By Spencer Maddox 5/30/17
Finding a mentor, providing and receiving feedback, and developing leadership traits are all critical for success at Tech and in your career. Leadership traits and feedback are especially important for group projects. Without leadership, and effective feedback, group projects can turn into a major headache.
Developing mentor relationships are something I've struggled with so far at Tech. I understand the importance such as providing feedback, clearing up confusion about school, listening to students concerns, helping them manage jobs and transition into the real world amongst many other items. All of these items would benefit me and students in general greatly, yet I've struggled finding and working with a mentor.
For me, I'm going into my third year at Georgia Tech and would like to find a mentor before it is too late. At the beginning of the spring semester, I told myself I would begin to seek out and develop mentor relationships, but I put it off either out of stubbornness or laziness. To find a mentor, I need to be proactive; I cannot just sit in class and take notes. I need to approach them during their office hours. I also need to figure out what I need help with, so I can ask for specific guidance. Developing a good relationship with a mentor, takes time and commitment. I will be better about putting in the time to developing these relationships in the future, and I will also be sure to make my self visible.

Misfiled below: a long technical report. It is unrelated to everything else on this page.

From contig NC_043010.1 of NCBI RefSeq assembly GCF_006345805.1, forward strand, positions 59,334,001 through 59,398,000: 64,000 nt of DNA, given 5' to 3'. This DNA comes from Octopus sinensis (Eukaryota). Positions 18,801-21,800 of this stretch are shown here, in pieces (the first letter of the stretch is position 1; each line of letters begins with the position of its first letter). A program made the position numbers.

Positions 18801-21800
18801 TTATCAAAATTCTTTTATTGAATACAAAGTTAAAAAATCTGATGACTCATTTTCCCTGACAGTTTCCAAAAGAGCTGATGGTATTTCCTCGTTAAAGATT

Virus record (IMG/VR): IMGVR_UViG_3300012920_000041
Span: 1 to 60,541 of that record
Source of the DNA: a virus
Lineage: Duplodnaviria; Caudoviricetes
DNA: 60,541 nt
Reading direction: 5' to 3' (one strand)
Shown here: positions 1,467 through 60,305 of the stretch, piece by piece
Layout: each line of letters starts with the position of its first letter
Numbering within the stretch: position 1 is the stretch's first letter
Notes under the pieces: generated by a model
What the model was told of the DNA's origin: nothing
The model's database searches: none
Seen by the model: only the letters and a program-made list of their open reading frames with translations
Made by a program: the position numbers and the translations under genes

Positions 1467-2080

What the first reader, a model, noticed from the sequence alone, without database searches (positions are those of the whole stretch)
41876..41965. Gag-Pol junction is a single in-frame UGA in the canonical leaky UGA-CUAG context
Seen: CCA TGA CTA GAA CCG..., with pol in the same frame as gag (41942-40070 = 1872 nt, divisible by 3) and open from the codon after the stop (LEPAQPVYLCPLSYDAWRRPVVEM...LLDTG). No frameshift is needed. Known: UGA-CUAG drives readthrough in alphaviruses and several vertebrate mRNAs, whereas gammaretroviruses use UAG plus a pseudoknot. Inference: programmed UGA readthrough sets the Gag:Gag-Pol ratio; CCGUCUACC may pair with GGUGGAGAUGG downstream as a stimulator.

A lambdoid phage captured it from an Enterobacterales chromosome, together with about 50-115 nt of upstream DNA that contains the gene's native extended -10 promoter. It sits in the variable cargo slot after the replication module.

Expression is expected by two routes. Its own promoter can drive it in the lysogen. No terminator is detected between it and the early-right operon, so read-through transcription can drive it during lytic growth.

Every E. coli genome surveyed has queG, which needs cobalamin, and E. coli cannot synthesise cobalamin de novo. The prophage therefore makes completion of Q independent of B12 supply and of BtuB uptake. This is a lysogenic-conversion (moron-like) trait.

Leadership is critical in group projects. For individual projects, you hold your own responsibility, but in a group setting this is not the case. To ensure group projects are not immense headaches, leadership traits must be developed. Important leadership traits include communicating and connecting effectively, using forums for collaboration, and sharing information. Applying these to our corridor projects, shared files can be used for Autocad, times can be set up for meetings, and lists of ideas and goals can be made and shared. It will also be critical to provide feedback throughout the project.
To provide feedback in professional situations, first the culture of the person you are providing feedback to. Some cultures may want direct criticism (Dutch) and other cultures may want indirect feedback (British). The best time to provide feedback is early on, so the person can correct their mistake or behavior quickly. Avoid being rude about the feedback as well. It is unlikely the person intentionally made the mistake.